Improving Neurodiversity in the Tech Industry
Ashleigh Wilson is an educator at Coder Academy’s Brisbane campus. She is also a meetup organiser, an accomplished speaker, and a neurodiversity advocate.
At the WomenTech Global Conference 2021, Ashleigh shared her thoughts on the ways Australian and international companies could work to increase awareness around neurodiversity, and the ways we can encourage neurodiverse thinkers to use their unique approaches and ways of seeing the world to benefit their workplaces.
Neurodiversity can refer to conditions that are life-long and those that can develop throughout life, including autism spectrum disorder (ASD), attention deficit hyperactivity disorder (ADHD), dyscalculia, dyslexia, dyspraxia, intellectual disability, mental health, Tourette syndrome, and acquired illness or brain injury.
The term and the concept emerged through the work of Australian sociologist Judy Singer, who wished to express that humans are diverse and that that diversity will naturally include neurodiversity. Neurological differences in the human brain need not be seen as disabilities or even divergences from the “normal” brain, but as natural variations within humanity.
Ashleigh was diagnosed with Asperger’s syndrome as a three-year-old, and she has developed a passion for spreading awareness about both the importance and the benefits of creating neurodiverse workplaces, especially in the tech sector where she works. And Ashleigh is far from alone in her belief that neurodiversity should be seen, not as something to be overcome, but as a workplace strength.
Organisations including Ernst and Young, Google, and Australia’s Department of Defence are all implementing programs to hire neurodiverse candidates. Ernst and Young found that their neurodiverse employees surpassed others when it came to innovation, while the Department of Defence valued the logical and analytical approach and remarkable attention to detail of autistic individuals engaged in cyber security work. Technology companies Microsoft and Dell have also implemented autism hiring programs. Unfortunately, these programs aren’t yet the norm, in the tech industry, or anywhere else.
According to the Australian Bureau of Statistics (ABS), the labour force participation rate was 38 per cent among the 94,600 people of working age (15-64 years), living with autism spectrum disorders. This is compared with 53 per cent of all working-age people with a disability and 84 per cent of people living without disability.
So, what can companies do to increase awareness around neurodiversity? And how can the tech industry encourage neurodiverse thinkers to use their unique approaches and ways of seeing the world to benefit their workplaces?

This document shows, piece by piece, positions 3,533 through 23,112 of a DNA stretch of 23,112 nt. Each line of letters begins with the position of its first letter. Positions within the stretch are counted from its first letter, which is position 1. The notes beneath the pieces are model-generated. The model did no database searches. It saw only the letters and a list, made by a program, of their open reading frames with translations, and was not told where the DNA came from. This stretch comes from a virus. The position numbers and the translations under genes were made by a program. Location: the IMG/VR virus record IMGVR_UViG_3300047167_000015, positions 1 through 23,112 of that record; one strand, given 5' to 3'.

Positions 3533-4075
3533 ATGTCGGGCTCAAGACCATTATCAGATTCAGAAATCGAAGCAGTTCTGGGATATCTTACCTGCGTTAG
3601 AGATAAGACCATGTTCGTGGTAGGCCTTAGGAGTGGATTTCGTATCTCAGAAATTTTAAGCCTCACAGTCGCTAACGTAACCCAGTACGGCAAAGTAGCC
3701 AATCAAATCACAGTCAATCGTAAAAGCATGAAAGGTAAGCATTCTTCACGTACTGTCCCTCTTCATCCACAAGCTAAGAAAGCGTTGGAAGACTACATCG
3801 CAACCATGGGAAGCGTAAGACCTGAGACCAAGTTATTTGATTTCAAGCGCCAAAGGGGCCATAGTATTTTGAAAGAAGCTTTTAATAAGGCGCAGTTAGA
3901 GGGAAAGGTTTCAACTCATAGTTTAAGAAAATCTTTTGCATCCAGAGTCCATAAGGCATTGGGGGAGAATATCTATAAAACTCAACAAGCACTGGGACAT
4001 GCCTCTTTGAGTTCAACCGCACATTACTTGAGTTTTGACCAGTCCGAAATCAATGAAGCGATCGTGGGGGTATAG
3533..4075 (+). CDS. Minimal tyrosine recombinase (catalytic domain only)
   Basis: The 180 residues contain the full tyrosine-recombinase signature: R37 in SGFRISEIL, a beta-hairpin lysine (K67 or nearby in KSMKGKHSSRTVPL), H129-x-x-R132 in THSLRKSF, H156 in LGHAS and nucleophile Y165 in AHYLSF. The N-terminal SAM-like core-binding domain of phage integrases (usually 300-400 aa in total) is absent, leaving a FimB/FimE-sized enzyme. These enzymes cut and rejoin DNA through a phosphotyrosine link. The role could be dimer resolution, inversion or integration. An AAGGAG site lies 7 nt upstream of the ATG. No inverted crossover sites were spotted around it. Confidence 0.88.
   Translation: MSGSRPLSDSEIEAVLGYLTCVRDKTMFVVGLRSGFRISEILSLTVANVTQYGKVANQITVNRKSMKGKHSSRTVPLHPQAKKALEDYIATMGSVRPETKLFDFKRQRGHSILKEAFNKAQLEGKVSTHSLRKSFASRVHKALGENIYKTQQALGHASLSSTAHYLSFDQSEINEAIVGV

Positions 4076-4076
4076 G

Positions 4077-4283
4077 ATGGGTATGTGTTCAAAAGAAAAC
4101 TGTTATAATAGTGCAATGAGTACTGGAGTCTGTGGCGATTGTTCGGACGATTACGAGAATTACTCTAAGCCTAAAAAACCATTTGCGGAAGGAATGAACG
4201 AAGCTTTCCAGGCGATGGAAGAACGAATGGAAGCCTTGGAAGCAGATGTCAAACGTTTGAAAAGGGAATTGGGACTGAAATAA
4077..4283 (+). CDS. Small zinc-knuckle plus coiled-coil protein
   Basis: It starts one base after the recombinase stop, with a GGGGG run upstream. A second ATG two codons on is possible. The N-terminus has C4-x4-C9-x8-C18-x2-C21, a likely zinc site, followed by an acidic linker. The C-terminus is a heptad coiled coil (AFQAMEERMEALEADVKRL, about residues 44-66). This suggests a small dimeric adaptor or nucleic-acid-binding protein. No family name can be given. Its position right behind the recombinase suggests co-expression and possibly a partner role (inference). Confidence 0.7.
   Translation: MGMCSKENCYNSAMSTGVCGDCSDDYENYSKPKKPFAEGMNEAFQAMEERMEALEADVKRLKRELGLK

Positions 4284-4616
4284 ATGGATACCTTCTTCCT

1. Embracing and developing an acceptance of neurodiverse workers
Long before a job applicant is given the opportunity to prove themselves in a new role, they may encounter barriers in the hiring process. Just as someone in a wheelchair could either thrive in a role, or never make it to the interview if accessibility is not considered.
Rethinking the hiring culture and considering neurodiverse perspectives whenever we think of accessibility in the workplace can be beneficial for everyone.
2. Developing continued pathways for neurodiverse people to thrive and develop
Fixing the hiring process alone won’t be enough. Often the issue is not that neurodiverse candidates don’t have the skills required for the job, but that the role wasn’t designed with them in mind. Neurodiverse people can thrive and develop in workplaces that consider neurodiversity as normal in the workplace, and not as an abnormality that will hold people back.
3. Creating ways for workplaces, schools, universities, and colleges to openly accept those pathways
Embracing neurodiversity at all levels of education and employment helps to keep pathways open and to ensure neurodiverse individuals don’t face further barriers to opportunities.
4. Embracing workplaces to find means to implement better inclusivity programs in their current organisation, and fostering a neurodiverse workforce
This could include developing resources akin to the Universal Music UK handbook, Creative Differences, published with the intent of embracing neurodiversity in the creative industries. Similar initiatives can be embraced in the tech sector and other industries.
5. Inviting organisations to embrace and navigate neurodiversity in the workplace
As advocates like Ashleigh continue to break down misconceptions surrounding neurodiversity while showing businesses how to improve inclusivity, diversity, and accessibility, workplaces can benefit from the strengths and skills of neurodiverse individuals, and individuals can find pathways to engage in fulfilling careers in the tech industry.
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